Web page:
implementation 'com.amplifyframework:aws-auth-cognito:1.0.0'
// Android build.gradle fragment (Project: My Application)
repositories {
dependencies {
        classpath 'com.amplifyframework:amplify-tools-gradle-plugin:1.0.0'
apply plugin: 'com.amplifyframework.amplifytools'

On iOS, you also must manually add an to your build steps.

When this is done, you type pod install for iOS or you sync the project with Gradle.

The second step is to add the plugins for each category to Amplify at application initialization time. On iOS, I am using didFinishLaunchingWithOptions from the AppDelegate. On Android, I am using onCreate from MainActivity. You’re free to initialize Amplify at any stage in your app, it is not necessary to be at app startup time.

    // iOS AppDelegate class
    func application(_ application: UIApplication, didFinishLaunchingWithOptions launchOptions: [UIApplication.LaunchOptionsKey: Any]?) -> Bool {
        do {
            try Amplify.add(plugin: AWSAPIPlugin())
            try Amplify.add(plugin: AWSDataStorePlugin(modelRegistration: AmplifyModels()))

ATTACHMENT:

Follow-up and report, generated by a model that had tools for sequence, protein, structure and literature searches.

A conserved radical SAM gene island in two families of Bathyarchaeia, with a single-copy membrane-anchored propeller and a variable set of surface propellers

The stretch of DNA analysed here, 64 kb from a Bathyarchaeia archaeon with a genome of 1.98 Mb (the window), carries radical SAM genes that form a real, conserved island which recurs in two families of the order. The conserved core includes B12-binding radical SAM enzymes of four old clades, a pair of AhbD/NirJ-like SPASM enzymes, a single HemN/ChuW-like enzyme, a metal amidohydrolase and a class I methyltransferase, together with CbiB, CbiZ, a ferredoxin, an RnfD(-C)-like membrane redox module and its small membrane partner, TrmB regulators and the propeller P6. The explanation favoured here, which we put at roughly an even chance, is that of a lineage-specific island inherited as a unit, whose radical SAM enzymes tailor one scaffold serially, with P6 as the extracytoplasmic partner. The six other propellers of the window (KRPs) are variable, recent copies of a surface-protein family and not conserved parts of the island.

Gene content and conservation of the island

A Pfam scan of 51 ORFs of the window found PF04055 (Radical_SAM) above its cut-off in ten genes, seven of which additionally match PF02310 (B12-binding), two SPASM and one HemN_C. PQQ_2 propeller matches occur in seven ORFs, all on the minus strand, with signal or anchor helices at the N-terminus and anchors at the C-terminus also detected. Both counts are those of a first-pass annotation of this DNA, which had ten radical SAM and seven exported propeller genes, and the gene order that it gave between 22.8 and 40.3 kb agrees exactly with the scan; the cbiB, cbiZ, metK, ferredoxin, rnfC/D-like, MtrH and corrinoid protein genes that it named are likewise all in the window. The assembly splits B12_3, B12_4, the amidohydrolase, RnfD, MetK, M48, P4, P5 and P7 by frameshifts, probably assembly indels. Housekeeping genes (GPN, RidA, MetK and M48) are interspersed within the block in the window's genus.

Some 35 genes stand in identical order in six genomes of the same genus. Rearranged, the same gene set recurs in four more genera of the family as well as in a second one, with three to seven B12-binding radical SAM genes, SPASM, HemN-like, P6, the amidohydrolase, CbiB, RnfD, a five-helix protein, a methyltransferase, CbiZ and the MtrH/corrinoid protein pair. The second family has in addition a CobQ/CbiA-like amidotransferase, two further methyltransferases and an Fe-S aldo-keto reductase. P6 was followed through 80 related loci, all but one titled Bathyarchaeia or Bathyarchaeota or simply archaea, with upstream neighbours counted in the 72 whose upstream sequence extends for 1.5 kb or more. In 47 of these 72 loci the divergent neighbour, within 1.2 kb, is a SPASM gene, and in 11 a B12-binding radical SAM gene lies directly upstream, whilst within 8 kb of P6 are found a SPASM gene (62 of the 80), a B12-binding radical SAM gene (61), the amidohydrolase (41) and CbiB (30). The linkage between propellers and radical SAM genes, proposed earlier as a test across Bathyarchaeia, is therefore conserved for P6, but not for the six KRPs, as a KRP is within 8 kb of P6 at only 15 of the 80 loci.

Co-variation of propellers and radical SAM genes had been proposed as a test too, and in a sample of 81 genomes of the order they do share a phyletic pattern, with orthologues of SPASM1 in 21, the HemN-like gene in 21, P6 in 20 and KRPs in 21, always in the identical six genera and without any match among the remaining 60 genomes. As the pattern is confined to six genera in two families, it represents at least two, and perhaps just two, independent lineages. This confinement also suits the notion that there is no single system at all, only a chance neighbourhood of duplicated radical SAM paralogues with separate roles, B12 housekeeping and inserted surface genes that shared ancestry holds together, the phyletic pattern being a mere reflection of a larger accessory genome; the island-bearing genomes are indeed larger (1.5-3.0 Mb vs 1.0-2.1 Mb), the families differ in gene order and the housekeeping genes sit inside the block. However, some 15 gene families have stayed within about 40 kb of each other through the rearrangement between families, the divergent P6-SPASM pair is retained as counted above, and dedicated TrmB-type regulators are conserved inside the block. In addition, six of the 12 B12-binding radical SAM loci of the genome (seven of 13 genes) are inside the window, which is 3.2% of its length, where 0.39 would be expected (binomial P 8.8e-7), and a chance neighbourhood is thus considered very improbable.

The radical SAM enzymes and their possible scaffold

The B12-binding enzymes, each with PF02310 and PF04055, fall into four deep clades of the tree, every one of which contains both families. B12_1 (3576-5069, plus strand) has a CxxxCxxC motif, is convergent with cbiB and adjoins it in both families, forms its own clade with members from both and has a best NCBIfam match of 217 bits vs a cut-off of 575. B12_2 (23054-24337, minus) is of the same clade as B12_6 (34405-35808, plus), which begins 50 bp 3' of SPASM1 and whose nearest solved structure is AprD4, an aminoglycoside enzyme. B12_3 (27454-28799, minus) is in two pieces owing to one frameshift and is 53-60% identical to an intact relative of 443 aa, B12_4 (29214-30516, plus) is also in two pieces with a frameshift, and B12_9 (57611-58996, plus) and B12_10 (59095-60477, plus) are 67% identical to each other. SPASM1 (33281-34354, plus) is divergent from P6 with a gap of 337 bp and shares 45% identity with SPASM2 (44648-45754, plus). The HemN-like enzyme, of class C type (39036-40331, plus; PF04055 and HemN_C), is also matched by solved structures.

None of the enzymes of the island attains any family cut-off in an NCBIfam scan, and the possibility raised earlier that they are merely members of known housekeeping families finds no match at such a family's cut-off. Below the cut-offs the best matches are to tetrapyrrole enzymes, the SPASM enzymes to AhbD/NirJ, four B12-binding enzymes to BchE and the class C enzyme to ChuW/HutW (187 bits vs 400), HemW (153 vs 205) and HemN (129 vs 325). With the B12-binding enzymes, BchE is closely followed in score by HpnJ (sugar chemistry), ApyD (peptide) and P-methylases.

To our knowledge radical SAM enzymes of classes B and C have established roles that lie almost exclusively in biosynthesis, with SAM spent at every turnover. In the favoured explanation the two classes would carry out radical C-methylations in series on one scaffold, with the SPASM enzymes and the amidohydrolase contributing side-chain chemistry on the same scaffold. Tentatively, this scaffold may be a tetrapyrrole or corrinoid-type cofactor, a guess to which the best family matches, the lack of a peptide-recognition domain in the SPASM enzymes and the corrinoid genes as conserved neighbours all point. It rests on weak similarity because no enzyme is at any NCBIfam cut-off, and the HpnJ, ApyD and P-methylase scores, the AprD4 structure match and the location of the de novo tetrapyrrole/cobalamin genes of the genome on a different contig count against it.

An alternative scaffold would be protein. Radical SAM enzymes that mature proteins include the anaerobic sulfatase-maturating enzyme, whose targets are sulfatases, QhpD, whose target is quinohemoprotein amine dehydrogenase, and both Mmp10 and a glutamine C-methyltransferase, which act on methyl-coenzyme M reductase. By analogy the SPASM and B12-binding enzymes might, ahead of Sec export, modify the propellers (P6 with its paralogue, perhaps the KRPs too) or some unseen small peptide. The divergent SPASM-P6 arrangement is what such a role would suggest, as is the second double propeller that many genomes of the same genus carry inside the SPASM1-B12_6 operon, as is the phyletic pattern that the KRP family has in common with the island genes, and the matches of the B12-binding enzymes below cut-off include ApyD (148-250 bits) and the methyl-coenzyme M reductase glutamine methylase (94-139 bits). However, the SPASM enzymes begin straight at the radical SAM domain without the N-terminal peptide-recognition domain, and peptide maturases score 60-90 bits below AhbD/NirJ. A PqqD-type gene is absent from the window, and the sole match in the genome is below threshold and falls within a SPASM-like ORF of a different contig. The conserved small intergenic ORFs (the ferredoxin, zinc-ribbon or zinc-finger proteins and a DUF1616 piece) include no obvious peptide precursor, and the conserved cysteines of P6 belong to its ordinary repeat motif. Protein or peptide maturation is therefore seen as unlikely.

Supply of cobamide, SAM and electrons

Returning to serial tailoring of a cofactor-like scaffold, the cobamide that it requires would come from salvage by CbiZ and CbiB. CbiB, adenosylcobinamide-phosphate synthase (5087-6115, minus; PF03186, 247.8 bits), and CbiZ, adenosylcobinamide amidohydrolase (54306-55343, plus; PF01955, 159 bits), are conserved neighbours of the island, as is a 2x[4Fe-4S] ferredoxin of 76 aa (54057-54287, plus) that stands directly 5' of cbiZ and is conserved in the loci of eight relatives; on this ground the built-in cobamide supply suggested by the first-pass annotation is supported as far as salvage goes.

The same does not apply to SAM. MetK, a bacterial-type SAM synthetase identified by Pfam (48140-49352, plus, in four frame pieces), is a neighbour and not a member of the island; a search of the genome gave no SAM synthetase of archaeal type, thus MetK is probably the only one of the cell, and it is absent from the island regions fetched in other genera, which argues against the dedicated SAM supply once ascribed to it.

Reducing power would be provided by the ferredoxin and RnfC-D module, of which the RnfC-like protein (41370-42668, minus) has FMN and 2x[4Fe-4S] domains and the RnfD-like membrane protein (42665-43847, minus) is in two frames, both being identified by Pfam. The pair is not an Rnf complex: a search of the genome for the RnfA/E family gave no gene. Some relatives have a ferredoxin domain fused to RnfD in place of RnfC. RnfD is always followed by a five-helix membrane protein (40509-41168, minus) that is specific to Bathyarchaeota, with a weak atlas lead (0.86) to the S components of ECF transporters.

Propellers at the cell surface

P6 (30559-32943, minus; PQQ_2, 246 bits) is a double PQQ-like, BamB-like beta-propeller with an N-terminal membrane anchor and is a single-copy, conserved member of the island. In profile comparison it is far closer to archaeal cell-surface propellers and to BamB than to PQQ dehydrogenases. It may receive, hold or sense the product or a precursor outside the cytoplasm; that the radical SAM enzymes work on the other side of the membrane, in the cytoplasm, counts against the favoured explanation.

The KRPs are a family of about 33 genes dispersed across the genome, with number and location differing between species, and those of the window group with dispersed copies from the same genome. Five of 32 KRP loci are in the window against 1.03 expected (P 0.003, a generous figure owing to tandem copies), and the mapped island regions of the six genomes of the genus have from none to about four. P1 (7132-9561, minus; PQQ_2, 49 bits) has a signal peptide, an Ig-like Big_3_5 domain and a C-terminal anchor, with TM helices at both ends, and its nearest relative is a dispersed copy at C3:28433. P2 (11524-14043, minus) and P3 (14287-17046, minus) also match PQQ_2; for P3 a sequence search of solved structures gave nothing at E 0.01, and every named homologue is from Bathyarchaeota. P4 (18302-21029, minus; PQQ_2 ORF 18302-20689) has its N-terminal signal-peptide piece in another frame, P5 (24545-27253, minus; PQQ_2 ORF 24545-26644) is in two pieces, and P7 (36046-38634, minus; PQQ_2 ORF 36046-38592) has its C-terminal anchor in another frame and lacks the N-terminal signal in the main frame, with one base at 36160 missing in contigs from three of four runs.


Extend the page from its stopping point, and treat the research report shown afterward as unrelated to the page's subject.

try Amplify.add(plugin: AWSCognitoAuthPlugin())
            try Amplify.add(plugin: AWSPredictionsPlugin())
            try Amplify.configure()
            print("Amplify initialized")
        } catch {
            print("Failed to configure Amplify \(error)")
   // Android MainActivity class (Kotlin version)
   override fun onCreate(savedInstanceState: Bundle?) {
        // ...

        try {
            Log.i(TAG, "Initialized Amplify")
        } catch (error: AmplifyException) {
            Log.e(TAG, "Could not initialize Amplify", error)

The third step varies from one category to the other. Usually, it involves using the AWS Amplify command line to provision and configure your backend. Type commands like amplify add auth or amplify add predictions to configure a category.

For example, to configure the user authentication with Amazon Cognito and social identity providers, such as Login With Facebook, you type something like the below. This step is identical for iOS and Android as we are creating and configuring the cloud backend.